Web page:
In addition, costs of any appeal or litigation resulting from any project, application, action, permit, or work undertaken or performed by the county shall be paid by the applicant, owner or operator, including, but not limited to, the cost of experts and attorney’s fees.

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At a conference D’Andrea recently attended, an attorney said it is good to have this language in ordinances for larger projects.

The other section to be amended relates to tower lighting. D’Andrea said representatives from the Whitney Hill Wind Farm Project came forward asking about using light detection radar. With the motion sensing detection, the tower lights would not come on unless the radar picks aircraft up.

Bateman said commercial airliners [flying at higher elevations] will not turn on the lights, but a Cessna flying over [at lower elevations] would turn them on until they are out of the radar’s detection.

For the light detection radar, the following language will be added to the section on wind farm lighting:

The project shall utilize aircraft detection lighting systems as approved by the Federal Aviation Administration, unless the FAA does not recommend or approve this technology for a proposed project. The county recently decided it would be good to require this type of radar for future wind farms if the FAA utilizes it.

If approved by the FAA, the wind farm will not have the constantly flashing red lights. D’Andrea said that would minimize the visual impact of the towers.

Zoning Board of Appeals

The Zoning Board of Appeals held a public hearing Thursday, January 9 to consider amendments to the Logan County Zoning Ordinances.

Zoning amendments include adding definitions for Adult-Use Cannabis Business Establishments. There are numerous other businesses involved in growing and processing products, and these would be added as a Permitted Use in Agricultural and Special Districts.

In addition, Appendix E on Wind Energy Conversion Systems is being amended to require aircraft detection lighting system technology. The wind farm ordinance will also specify that the applicant is responsible for all costs incurred by the county.

At the Public Hearing, the Zoning Board of Appeals reviewed these amendments. As they looked them over, they considered whether to recommend the Logan County Board approved them.

ZBA members present were Chairman Doug Thompson, Bret Farmer, Judi Graff, Scott Noltensmeier and John Fulton. Cheryl Baker and Derek Martin were absent.

Back in November, the Board’s Planning and Zoning Committee began looking at amending the zoning ordinance to incorporate cannabis establishments.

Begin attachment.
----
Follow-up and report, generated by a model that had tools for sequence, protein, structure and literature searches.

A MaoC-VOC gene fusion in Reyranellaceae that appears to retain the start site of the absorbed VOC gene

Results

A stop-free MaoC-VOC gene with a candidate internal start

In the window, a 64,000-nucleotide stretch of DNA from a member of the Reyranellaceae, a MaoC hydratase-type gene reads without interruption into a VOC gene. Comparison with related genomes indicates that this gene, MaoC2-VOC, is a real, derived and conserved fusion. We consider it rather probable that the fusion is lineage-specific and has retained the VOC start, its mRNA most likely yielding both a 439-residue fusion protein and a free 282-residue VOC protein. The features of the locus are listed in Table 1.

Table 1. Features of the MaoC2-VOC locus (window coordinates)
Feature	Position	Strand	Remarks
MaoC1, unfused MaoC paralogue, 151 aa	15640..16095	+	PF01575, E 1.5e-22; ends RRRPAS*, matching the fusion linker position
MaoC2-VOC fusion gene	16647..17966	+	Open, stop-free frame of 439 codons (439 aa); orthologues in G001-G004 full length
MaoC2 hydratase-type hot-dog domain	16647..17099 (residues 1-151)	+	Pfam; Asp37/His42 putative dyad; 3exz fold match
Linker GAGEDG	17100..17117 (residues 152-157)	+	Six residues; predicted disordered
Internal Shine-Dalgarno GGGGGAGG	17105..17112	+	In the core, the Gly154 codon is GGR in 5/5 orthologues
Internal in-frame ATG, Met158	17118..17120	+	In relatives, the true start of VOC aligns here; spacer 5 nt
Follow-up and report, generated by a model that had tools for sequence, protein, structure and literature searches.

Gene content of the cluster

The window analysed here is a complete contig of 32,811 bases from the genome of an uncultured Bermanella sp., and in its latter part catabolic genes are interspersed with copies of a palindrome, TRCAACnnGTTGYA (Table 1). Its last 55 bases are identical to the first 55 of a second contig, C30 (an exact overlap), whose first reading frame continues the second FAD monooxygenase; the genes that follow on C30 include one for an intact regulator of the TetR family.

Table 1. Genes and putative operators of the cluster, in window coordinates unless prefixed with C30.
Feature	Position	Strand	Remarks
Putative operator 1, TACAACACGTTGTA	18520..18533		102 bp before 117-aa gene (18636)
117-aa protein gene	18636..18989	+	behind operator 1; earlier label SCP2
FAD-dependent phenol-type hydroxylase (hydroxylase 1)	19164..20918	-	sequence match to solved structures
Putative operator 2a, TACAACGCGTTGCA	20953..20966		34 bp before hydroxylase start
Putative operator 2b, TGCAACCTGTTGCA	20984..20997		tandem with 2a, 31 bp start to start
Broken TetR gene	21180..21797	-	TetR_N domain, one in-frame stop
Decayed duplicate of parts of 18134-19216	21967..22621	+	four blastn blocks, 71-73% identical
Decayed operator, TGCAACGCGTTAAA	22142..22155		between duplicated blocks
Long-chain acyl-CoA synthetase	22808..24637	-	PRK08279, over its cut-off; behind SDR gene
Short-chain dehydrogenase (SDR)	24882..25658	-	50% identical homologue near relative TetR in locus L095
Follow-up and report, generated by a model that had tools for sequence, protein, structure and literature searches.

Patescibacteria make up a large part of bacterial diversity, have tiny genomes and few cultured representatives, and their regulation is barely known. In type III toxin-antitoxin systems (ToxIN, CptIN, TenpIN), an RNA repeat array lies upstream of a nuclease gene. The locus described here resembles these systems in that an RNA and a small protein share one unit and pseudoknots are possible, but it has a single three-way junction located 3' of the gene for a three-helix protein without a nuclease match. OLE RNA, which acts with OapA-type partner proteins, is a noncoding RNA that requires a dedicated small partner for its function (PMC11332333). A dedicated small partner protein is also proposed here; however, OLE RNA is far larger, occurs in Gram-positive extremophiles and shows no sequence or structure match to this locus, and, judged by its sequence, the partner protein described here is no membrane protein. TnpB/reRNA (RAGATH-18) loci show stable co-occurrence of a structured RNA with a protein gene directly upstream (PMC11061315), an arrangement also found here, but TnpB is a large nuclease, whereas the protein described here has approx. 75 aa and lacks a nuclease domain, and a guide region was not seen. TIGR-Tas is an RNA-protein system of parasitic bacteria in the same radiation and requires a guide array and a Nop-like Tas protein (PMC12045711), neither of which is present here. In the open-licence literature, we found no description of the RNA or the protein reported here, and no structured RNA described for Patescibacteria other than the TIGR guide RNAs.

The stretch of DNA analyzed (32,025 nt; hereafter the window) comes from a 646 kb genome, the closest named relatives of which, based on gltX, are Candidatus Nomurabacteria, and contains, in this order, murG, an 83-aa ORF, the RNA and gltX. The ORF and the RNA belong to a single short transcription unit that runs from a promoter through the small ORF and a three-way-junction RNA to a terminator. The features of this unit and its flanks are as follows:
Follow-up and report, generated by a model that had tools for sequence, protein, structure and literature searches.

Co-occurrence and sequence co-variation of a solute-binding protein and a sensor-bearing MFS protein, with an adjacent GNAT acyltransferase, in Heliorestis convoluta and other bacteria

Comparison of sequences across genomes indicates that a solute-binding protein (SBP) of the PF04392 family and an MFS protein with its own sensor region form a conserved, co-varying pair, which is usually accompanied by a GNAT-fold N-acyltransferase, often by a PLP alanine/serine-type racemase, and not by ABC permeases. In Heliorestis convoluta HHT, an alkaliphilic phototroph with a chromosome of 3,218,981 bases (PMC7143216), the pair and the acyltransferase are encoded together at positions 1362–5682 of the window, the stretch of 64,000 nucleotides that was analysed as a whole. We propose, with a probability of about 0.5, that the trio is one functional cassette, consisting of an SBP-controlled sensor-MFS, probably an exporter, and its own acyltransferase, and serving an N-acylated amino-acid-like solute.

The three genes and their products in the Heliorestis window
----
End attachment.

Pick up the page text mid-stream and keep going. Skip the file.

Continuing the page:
D’Andrea said the existing medical cultivation center is in an agricultural zoning district and so the cultivation and craft grower businesses would be a good fit in that zone. The existing operation is probably a good example of what these operations might look like and function.

When D’Andrea asked the Planning and Zoning Committee their thoughts, some felt putting the businesses in agricultural districts would be best. Some also thought there should be certain setbacks from churches and schools.

A ZBA member had read an article in the Pantagraph about McClean County making the Adult-Use Cannabis Business Establishments conditional uses and applying setbacks to them, so some of the discussion revolved around these issues.

The ZBA decided “Adult Entertainment” setbacks (section 3.8) would not need to be applied to these establishments because these uses (such as cultivation) are not that bad. Members agreed that setbacks to schools and churches would probably not be necessary.

However, if someone were to come forward wanting to start one of these establishments, the ZBA thought it would be a good idea to have a public hearing and closer look at the proposed project.

After some discussion, John Fulton motioned to approve the request to amend Sections 15.2 (definitions) and 3.41-2 (permitted uses).

This motion failed 3-2 (the ZBA needs four yesses for it to pass).

Judi Graff, Scott Noltensmeier and John Fulton voted yes.

Doug Thompson and Bret Farmer voted no.

Bret Farmer then motioned to approve the request to amend Section 15.2 on definitions as proposed and recommended making these Conditional Uses and it was unanimously approved by all present.

The ZBA then unanimously approved amendments to the Wind Farm ordinance sections on costs and lighting.

The ZBA recommendations will be brought forward to the Logan County Board at the monthly Workshop on Thursday, January 16 and voted on at the Regular meeting, Tuesday, January 21. Both meetings will be held at 6 p.m. in the Logan County Courthouse.

[Angela Reiners]